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Etymology is the part of linguistics (the scientific study of language) that explores the history of words. Etymology can trace the evolution and changes in both pronunciation and meanings of words. Etymology is not really an occupation: it is an interesting hobby that leads into history as well as a better understanding of the language. Then there are times when we run into some interesting, and perhaps surprising connections. For example “exit” and “coitus” share a common origin.

Let’s start with exit. The Latin base for “exit” is “exīre” meaning “to go out.” The Latin is from the prefix “ex” meaning “out” and the verb “īre” meaning “to go.” This is the same Latin base for the English “issue.”

“Exit” began its life in English in the theater as a stage direction. It literally means “he or she goes out.” In the seventeenth century, “exit” began to be used to mean “way out” and then in the nineteenth century it started to be used to indicate “door by which one leaves.”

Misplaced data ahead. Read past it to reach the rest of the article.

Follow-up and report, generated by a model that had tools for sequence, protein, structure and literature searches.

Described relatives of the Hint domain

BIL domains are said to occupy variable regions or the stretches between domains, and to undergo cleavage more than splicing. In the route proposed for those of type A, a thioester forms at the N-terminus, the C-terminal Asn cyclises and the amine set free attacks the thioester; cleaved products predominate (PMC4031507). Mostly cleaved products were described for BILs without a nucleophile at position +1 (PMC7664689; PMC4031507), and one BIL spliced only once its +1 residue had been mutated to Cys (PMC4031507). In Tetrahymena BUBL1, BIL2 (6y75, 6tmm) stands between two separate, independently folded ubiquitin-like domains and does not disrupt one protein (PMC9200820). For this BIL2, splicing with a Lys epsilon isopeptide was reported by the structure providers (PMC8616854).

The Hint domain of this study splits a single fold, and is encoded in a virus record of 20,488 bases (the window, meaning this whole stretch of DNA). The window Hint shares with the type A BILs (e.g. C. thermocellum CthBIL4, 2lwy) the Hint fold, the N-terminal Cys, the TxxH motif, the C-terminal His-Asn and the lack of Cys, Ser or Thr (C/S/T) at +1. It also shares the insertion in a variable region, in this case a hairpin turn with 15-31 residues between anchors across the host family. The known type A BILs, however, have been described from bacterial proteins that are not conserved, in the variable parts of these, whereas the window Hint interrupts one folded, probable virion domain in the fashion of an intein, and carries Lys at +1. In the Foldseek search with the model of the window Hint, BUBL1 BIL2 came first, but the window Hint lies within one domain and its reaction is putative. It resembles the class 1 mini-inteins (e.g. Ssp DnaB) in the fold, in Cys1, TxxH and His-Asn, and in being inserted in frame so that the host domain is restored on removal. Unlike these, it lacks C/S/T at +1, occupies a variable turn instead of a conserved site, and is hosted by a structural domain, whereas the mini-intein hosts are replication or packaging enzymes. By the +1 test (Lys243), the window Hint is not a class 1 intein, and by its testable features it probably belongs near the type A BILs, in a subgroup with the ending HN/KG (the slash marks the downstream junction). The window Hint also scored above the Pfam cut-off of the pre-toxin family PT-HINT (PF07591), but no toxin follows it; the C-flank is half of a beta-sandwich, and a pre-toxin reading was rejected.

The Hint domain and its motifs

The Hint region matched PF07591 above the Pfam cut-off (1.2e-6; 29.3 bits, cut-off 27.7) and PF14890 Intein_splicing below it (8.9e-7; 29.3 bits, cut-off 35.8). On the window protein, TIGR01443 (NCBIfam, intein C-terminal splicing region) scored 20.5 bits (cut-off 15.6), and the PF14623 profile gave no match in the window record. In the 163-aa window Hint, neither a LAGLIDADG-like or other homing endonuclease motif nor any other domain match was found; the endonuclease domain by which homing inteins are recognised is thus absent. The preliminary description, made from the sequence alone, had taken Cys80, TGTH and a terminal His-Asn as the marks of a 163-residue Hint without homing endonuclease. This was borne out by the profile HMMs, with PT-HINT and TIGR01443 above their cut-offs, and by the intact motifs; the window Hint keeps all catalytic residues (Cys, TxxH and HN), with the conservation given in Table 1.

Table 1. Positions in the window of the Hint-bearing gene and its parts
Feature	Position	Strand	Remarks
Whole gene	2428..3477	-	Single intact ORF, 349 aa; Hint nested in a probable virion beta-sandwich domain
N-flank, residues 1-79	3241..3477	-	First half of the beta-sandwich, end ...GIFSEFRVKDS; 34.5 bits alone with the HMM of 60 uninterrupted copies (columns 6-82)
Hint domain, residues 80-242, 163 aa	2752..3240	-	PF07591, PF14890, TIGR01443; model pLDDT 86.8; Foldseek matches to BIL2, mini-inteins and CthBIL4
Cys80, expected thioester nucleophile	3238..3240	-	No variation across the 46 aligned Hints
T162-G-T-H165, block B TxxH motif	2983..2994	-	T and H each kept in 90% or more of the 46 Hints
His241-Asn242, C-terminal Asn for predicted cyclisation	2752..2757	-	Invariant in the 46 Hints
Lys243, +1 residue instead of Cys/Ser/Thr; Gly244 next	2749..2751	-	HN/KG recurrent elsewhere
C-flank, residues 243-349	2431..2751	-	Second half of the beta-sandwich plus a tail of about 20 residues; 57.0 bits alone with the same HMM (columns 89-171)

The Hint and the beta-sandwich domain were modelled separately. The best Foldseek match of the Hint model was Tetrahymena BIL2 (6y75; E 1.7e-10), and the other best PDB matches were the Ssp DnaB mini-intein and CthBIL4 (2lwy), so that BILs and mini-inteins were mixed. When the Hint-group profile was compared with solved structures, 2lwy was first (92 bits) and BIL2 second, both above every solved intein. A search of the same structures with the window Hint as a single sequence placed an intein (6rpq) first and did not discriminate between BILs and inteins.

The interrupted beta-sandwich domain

English is, of course, a Germanic language which has acquired Latin vocabulary over the past 1,000 years through the French-speaking Norman invasion of 1066 and through technical and academic vocabulary from the Roman Catholic Church and science.

If we go back farther in time, we will find that both the Germanic languages and Latin have their origin in Proto-Indo-European. The designation “proto” indicates a language which has been reconstructed by linguistics but is not really used today. The Latin verb “īre” stems from the Proto-Indo-European *ei (linguists use the * to indicate that the word has been reconstructed) which was used to form “coitus,” “obituary,” and “transient.”

“Coitus” is from the past participle of the Latin verb “coīre” which is formed from the prefix “co” meaning “together” and the verb “īre” meaning “to go.”

“Obituary” also comes from a compound Latin verb “obīre” meaning “to go down” which is formed from the prefix “ob” meaning “down” and the verb “īre” meaning “to go.”

“Transient” is based on the present participle of the Latin verb “trānsīre” meaning “to go across, over” which is formed from the prefix “trāns” meaning “across, over” and the verb “īre” meaning “to go.” The Latin “trānsīre” is also the basic of the English words “trance,” “transit,” and “transition.”

Originally posted to Ojibwa on Sat Mar 30, 2013 at 07:59 AM PDT.

Also republished by History for Kossacks and Cranky Grammarians.

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